Jille Magnus and Ryan Shotton are not just the duo known as Rugged Little Thing but also partners on life’s journey. They first met when Jille was playing backstage at a festival. She says, “We got together a few times after that jamming and playing music together. We started dating after that and it was a natural progression from there.”
Strong Roots (Profiles in Roots Music): Rugged Little Thing, Saskatoon SK
I talk to Rugged Little Thing about musical creativity, the passion for creation and where they find inspiration in their career.
Rugged Little Thing
The duo’s approach to music combines Jille’s love for old time and bluegrass music with Ryan’s slightly more folky background. He adds, “The songs we play are almost for nostalgia’s sake. They’re songs that have had an impact on us.”
Rugged Little Thing plays a combination of original tunes and traditional pieces. Jille explains, “We’ve got a few originals that just happened. Once in a blue moon, you sit down and a melody just happens to pop out of your mouth and the words follow naturally so you don’t even have to think about why you’re writing the song or what it is you’re writing.”
When it comes to arranging songs, Ryan says, “We don’t try to sound like the versions of songs we’ve heard too much. We try to sound like ourselves. As a duo, you can only do so much dynamically so you have to pick and choose. You can’t do the same tricks over and over again.”
The natural musical (and personal) chemistry that exists between the pair also helps when it comes to arranging songs. Jille says, “There’s a natural rhythm between the two of us. We don’t need to discuss the songs too much because once in a while I’ll look over at him, give him a nod and he’ll just grab the solo or whatever it is. Our harmony parts seem to just fit so effortlessly together.”
Ryan quips, “Even our speaking voices are a fifth apart. We could talk in harmony if we wanted to.”
One of the biggest challenges for the band is also one of their biggest selling points. Jille points out, “It’s harder to get those bar gigs or playing at a festival especially following a really high energy performance it’s hard to keep that up and not just fall into the soft folk category because that’s not really what we want to be.”
She continues, “It’s easier to get the gigs where they want an acoustic duo. We’re playing a canoe paddling festival in Waskesiu. We’re easy to transport and easier to coordinate for that kind of gig.”'
Another challenge for the band is the level of work it takes to operate as an independent band. Jille says, “I’m realizing how much energy it takes to try to be an artist and make money in any capacity. It takes a lot of work, especially if you’re independent. We did it all ourselves. Ryan recorded our album this winter in our house. He mixed it, he mastered it. Even the artwork is hand stamped. We’re doing all of our promotion, booking our own gigs, sending our stuff out to radio stations. It’s a lot of work that falls on us.”
Finally there’s what Jille calls ‘the elephant in the room’ which is living together as a couple and working together at the same time. She goes on to say, “Sometimes as a couple that can be really challenging. Sometimes you have to deal with some pretty delicate conversations without taking it personally but it’s awesome that we get to do this together.”
Recording is something that Ryan enjoys. He points out, “I’ve been doing it for 15 years. I always wanted to make something that could be enjoyed over and over again because that’s how I listen to music. We took our time and made sure the album sounded right. It’s a very stripped down sound but I think that it represents us in a good way.”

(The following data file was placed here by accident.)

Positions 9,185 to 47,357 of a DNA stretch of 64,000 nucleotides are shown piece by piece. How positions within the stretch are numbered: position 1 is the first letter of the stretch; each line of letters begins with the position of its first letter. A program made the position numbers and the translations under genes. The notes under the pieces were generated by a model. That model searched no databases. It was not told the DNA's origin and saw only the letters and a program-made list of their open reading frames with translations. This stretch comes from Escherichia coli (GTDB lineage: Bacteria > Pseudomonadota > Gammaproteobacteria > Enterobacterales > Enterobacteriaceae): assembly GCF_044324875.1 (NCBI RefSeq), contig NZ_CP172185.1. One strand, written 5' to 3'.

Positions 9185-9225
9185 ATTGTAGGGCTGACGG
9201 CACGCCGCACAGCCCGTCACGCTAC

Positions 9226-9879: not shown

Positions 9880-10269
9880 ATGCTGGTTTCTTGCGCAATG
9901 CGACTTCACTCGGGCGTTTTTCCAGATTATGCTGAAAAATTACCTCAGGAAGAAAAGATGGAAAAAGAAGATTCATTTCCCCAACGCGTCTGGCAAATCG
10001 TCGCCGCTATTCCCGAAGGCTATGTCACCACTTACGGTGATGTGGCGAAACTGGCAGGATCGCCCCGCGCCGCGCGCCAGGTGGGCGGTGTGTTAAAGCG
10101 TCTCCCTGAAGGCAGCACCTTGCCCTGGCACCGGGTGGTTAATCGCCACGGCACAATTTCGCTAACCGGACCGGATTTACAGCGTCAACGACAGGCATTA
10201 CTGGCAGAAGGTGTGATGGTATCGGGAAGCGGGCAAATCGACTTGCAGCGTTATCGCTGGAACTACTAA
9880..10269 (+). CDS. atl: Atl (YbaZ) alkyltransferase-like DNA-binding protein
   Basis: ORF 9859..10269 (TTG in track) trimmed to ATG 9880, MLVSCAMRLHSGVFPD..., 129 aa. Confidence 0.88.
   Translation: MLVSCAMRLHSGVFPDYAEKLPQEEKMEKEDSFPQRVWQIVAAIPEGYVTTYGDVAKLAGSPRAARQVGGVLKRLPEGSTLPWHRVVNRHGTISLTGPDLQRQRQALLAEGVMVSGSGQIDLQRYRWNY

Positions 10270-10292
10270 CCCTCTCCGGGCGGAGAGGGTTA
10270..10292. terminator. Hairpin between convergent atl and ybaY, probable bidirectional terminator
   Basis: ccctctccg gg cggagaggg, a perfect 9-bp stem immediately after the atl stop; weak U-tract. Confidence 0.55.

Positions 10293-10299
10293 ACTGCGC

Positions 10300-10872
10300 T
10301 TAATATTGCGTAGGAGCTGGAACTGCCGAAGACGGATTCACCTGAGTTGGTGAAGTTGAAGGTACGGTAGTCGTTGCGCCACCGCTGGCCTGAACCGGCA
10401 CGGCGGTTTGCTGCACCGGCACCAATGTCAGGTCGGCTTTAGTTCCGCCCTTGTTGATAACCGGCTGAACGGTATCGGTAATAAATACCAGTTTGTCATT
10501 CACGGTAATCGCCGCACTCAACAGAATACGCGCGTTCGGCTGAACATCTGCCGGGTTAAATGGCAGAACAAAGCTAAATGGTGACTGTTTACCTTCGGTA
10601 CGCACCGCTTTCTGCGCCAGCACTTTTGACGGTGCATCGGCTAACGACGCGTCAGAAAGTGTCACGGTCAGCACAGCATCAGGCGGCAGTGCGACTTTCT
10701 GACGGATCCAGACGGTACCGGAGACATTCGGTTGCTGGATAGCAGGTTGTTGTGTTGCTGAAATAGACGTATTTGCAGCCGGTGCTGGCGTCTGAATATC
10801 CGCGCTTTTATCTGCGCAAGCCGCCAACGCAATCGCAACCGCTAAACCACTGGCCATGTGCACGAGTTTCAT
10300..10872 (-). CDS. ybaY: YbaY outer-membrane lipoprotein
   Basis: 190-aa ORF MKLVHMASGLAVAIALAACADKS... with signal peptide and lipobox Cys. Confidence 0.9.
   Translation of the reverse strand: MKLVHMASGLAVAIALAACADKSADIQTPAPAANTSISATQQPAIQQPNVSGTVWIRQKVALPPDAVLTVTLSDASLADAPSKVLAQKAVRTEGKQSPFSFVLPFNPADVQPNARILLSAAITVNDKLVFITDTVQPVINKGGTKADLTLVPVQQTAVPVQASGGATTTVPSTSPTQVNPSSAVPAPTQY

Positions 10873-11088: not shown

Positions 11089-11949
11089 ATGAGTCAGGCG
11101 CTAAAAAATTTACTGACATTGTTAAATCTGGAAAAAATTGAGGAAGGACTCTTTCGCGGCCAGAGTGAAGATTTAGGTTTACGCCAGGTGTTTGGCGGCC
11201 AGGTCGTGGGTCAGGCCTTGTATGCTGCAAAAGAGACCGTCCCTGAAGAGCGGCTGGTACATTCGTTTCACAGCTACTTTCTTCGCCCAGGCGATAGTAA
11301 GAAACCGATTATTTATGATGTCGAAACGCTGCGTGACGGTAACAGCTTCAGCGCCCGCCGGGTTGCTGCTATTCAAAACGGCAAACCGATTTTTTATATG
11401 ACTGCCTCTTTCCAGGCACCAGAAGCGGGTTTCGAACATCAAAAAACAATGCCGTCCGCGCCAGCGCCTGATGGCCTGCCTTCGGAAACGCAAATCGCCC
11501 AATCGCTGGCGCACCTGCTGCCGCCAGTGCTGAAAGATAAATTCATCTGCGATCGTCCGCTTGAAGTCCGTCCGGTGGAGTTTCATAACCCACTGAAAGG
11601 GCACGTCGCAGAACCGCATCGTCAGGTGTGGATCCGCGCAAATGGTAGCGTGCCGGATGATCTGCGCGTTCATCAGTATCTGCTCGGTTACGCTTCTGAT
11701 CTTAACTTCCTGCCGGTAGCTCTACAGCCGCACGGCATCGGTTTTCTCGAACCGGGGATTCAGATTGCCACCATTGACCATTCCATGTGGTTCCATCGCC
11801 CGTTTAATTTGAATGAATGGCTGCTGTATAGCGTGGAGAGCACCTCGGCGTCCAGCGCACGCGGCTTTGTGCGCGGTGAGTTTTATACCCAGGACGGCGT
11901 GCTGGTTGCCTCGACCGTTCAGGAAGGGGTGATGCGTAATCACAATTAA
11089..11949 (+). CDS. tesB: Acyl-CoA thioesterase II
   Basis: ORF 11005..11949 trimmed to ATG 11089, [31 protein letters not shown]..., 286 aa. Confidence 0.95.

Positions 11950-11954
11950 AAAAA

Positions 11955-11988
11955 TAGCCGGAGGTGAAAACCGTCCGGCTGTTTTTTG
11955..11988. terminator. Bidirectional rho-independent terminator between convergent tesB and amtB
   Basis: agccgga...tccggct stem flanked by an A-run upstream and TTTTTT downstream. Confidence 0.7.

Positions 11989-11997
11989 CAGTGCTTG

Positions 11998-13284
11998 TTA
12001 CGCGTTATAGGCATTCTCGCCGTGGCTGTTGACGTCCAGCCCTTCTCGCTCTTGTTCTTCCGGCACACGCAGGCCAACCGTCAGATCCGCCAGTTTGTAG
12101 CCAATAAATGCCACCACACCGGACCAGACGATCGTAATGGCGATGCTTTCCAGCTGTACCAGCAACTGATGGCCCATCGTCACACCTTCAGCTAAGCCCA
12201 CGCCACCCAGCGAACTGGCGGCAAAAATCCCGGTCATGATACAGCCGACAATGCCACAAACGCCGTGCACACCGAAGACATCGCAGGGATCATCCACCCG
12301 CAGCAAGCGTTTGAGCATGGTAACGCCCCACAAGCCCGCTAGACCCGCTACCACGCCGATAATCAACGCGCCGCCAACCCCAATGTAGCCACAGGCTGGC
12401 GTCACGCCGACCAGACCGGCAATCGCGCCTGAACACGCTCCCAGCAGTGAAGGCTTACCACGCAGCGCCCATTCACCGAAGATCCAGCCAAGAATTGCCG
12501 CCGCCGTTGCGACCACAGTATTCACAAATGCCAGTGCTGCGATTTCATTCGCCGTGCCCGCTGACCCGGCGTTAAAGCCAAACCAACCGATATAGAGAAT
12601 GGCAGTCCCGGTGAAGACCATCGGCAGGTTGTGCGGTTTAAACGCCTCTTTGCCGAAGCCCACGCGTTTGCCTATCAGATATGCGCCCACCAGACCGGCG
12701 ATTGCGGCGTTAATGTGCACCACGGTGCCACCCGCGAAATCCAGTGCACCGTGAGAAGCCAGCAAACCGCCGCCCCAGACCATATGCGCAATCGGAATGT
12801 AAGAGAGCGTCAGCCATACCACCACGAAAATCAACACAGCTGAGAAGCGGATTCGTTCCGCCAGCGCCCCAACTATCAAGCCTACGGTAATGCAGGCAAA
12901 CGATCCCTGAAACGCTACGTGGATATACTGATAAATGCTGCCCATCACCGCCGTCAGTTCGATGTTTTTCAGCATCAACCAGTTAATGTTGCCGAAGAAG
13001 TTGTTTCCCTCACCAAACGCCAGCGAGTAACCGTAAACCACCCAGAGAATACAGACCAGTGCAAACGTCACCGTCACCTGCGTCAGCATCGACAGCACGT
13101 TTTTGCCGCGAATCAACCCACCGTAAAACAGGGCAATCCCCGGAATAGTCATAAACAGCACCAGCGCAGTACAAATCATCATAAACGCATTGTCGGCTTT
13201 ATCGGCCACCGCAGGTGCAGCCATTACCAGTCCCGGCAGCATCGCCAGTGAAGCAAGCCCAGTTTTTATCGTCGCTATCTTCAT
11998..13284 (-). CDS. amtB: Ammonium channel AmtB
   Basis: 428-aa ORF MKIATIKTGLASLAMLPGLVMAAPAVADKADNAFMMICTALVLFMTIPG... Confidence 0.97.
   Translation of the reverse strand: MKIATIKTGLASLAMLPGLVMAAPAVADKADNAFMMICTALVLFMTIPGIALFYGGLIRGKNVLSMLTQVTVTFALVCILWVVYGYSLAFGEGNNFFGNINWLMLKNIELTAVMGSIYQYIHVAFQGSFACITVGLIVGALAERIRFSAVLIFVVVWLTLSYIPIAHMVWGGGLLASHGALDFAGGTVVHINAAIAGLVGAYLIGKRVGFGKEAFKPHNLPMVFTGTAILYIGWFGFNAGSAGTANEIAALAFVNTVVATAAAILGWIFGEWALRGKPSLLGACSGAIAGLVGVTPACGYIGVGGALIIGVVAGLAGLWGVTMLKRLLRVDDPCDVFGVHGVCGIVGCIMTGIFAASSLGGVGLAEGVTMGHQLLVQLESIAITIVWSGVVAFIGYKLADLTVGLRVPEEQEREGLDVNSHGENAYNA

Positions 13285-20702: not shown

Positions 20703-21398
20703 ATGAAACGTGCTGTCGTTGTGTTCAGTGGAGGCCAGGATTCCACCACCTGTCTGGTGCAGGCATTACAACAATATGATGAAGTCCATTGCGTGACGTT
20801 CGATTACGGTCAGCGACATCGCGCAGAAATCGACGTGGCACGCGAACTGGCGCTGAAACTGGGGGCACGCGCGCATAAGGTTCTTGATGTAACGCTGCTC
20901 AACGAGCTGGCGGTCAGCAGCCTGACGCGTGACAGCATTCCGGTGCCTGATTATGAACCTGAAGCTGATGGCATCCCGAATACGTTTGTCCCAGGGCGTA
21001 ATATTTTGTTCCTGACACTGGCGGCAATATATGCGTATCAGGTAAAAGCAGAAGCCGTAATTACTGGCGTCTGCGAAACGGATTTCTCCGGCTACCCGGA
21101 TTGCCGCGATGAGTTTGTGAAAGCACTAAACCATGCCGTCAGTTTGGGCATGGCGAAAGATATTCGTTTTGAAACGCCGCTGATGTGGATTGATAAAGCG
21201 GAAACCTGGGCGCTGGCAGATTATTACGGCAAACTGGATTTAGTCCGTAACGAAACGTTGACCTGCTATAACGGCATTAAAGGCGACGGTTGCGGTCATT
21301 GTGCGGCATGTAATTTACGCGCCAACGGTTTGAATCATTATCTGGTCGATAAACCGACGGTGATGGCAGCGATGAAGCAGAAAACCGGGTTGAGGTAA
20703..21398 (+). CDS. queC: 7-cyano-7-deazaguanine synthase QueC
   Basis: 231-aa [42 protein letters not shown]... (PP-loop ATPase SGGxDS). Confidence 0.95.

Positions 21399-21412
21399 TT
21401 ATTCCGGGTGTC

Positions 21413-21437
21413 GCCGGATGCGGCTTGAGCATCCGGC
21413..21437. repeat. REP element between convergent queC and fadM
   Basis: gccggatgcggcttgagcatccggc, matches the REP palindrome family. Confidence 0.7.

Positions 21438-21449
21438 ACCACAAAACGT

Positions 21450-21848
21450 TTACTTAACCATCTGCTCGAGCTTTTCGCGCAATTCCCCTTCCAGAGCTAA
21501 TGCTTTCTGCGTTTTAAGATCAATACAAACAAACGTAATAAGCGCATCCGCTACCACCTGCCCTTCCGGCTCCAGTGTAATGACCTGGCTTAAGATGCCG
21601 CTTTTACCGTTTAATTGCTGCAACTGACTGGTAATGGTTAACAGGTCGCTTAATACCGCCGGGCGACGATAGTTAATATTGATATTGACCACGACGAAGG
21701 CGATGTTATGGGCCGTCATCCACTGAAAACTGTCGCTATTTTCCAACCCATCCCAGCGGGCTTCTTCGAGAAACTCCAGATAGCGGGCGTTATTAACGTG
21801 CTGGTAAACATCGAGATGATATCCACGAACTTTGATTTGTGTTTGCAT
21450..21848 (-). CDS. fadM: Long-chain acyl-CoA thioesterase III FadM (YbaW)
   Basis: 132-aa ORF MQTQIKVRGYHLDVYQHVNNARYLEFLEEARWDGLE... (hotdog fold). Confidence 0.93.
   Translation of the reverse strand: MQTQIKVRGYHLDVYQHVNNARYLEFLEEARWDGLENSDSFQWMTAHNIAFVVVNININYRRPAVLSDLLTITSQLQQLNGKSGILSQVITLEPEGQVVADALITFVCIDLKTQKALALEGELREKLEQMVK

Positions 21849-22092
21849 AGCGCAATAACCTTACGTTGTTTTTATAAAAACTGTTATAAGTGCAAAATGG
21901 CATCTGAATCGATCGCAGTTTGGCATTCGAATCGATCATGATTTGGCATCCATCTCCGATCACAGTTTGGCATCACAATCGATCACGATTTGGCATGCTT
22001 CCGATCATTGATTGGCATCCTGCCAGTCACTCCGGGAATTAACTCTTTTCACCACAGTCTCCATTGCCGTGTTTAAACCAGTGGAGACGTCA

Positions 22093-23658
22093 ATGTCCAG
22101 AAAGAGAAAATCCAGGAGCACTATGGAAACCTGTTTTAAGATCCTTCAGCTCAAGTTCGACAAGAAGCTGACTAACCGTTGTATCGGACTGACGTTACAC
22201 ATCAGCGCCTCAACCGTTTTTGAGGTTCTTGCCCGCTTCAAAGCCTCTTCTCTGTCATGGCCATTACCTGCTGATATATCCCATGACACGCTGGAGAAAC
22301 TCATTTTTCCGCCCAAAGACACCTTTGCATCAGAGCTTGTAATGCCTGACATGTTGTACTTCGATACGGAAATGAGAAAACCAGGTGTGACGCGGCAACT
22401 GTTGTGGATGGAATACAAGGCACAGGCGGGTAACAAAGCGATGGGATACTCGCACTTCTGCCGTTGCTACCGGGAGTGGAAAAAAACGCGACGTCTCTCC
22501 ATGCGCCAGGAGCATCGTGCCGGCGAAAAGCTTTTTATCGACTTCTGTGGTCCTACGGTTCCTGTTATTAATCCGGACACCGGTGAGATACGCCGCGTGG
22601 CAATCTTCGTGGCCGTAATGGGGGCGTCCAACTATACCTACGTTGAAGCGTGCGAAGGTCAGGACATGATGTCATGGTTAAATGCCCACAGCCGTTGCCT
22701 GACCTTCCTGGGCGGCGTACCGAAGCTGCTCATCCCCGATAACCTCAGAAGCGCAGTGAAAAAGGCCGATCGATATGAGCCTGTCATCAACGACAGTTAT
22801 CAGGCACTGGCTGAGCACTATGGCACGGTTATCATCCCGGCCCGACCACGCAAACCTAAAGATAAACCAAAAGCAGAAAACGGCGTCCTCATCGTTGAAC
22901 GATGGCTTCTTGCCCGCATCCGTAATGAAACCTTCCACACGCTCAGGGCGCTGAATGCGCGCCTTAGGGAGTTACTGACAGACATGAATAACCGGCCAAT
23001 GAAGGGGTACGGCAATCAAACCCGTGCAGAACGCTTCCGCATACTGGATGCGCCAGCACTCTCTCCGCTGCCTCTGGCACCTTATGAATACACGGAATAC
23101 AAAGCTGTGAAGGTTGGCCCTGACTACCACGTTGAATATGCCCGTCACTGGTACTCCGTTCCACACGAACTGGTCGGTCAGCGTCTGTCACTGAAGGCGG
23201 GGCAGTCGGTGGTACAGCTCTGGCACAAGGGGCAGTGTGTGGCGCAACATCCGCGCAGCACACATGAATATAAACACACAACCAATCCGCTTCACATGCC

Jille has nothing but praise when it comes to the Canadian folk/roots music scene. She says, “Oh man it’s so good! I lived near Toronto for a while and the old time music scene there is out of control. There’s so many insanely talented people keeping really traditional music alive and they’re young!”
She adds, “On the other side of the country in Vancouver, bluegrass there is so good. I used to go to a weekly bluegrass jam there and the place was packed with people of all ages. I hitchhiked across the country and ended up a bluegrass festival in Saskatchewan. The reason why I never left Saskatchewan was going to that festival. This province is so chock full of crazy good talent in bluegrass, old time and folk. You get people like Kacy & Clayton, the Dead South, Crooked Creek and In With The Old.”
In future, there is more recording in the cards for Rugged Little Thing. Ryan says, “We’re going to probably record some more tunes this winter. It still feels like we’re getting started and pushing forward with the music.”
Jille continues, “I’d love to take Rugged Little Thing on the road. I want to go down south to a few of the pretty awesome festivals like Clifftop*. I’d like to meet some other groups who are playing this music. A lot of them come through Saskatchewan but it’d be nice to be more immersed in it.”
One of the biggest sources of inspiration for the duo is the support system for musicians in Saskatchewan. Ryan explains, “There’s a big support system in Saskatchewan. It’s a smaller music scene so people show up and support each other more often because we’re all neighbours. It’s really encouraging. It’s genuine here. It’s not like a frenzy where you have to keep the other guy down to get ahead. ”
Another inspiration is the pair’s own personal relationship. Jille says, “Of course we also support each other. Music is the reason why we met, it’s what we first did when we got to know each other and playing music together is really inspiring and our favourite thing to do together.”
*The Appalachian String Band Festival in Clifftop, West Virginia
For more information on Rugged Little Thing, visit their website here.
This interview was conducted and recorded on April 21st, 2016.